By jason (registered) | Posted December 10, 2014 at 09:35:24
Jessica would be a breath of fresh air on council. Well written.
By SSnowling (registered) | Posted December 10, 2014 at 10:16:19
Awesome article Jess. Great perspective...
I always think of you guys when I hear people claiming that businesses are up in arms over the bus lane pilot. Of course there are some, but it's great to hear from those that actually support it -- and have evidence of great businesses to back it up.
By angelune (registered) | Posted December 10, 2014 at 10:34:26
So great to see a positive attitude and a love for making this city greater by being inclusive. I've never been in gameopolis yet, but I will be checking it out now.
By Kevkill (anonymous) | Posted December 10, 2014 at 10:40:20
How long was Gameopolis open before the bus lane was installed? I believe it opened less than 6 months prior to the bus lane, but I could be wrong. If so then there would be no historical sales data to compare in determining whether or not the bus lane has had any impact. Would be nice to hear from some of the long standing businesses and get their input on the sales impact of the bus lane.
By fools (anonymous) | Posted December 10, 2014 at 10:40:21
I look at all these 'Business Improvement Areas' and think how much money they are wasting whereas all that really needs to happen is to implement complete/ two way streets. These knuckle heads on council don't seem to get this. Are they uneducated or just uninterested for political reasons?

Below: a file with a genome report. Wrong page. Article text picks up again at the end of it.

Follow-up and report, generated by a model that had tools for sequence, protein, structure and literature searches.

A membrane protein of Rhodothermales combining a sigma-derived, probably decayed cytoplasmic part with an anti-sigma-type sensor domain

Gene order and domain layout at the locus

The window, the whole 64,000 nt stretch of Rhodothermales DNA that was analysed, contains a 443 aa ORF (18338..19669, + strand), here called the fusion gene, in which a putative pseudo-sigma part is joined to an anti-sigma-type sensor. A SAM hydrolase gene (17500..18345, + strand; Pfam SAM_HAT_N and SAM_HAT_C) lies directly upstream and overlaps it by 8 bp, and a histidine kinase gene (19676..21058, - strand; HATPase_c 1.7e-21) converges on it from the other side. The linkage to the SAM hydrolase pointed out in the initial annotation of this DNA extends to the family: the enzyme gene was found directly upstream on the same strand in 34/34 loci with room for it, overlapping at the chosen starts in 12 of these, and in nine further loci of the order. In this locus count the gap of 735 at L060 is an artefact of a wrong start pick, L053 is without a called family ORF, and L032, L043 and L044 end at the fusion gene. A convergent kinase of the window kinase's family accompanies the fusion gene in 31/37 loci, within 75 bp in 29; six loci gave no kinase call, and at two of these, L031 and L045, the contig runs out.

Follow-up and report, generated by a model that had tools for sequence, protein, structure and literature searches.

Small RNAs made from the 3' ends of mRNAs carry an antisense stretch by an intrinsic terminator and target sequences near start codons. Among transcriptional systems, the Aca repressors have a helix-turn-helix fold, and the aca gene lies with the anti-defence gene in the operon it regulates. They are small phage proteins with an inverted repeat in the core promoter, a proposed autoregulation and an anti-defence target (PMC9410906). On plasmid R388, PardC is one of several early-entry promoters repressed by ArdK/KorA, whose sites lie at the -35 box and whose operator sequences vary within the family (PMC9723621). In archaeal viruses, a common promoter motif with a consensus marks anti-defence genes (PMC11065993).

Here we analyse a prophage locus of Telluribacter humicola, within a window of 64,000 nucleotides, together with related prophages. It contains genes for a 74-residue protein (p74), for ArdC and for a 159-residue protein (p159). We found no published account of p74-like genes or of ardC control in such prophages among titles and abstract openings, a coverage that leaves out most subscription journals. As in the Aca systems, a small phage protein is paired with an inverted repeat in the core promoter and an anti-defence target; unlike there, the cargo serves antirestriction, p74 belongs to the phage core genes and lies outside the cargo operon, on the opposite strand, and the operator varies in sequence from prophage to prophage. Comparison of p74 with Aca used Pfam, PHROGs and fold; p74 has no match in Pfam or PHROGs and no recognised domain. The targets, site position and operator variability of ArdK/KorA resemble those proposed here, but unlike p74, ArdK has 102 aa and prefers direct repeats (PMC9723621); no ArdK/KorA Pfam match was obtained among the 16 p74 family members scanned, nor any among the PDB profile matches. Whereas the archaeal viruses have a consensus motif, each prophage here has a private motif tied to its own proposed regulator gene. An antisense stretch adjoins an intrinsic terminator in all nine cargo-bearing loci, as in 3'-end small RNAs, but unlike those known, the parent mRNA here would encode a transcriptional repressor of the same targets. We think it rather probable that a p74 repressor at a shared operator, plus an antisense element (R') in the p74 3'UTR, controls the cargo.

By Tybalt (registered) | Posted December 11, 2014 at 12:29:09 in reply to Comment 106860
BIAs are crucial organizations, particularly for small businesses, that enable us to take collective action at a hyperlocal level to encourage customers to patronize us. BIAs promote economic development and also make physical improvements and beautification in our local business communities. They are important to merchants and other business, are incredibly diverse in their approaches, and can never be replaced by any one-size-fits-all solution!
No one is a bigger booster of complete streets than I am. Similarly for two-way conversion. But that's not going to replace the need for BIAs.
By Well, it's S, Thompson (anonymous) | Posted December 10, 2014 at 14:53:50
Remember, it's Scott Thompson you're talkin' about, on CHML's rile-em-up show. That's why he was hired (heaven knows why the Spec publishes him). Even when I've heard snippets of him while waiting for the 3:00 o'clock weather etc., his degree of plain fact-wrongness MUST be deliberate. Either that, or he & IQ are separated how?
By No (registered) | Posted December 10, 2014 at 18:15:09
I wasn't aware of your business, but I don't travel around that section. I will be checking it out soon. Thanks for letting us know about it!
By don't like arbitrary filters (anonymous) | Posted December 14, 2014 at 13:50:25
I wrote a long eloquent response here but your filter stopped me saying I used spam words but I did not so forget it, I am not retyping to suit a computer program. Especially when it won't point out what it has a problem with.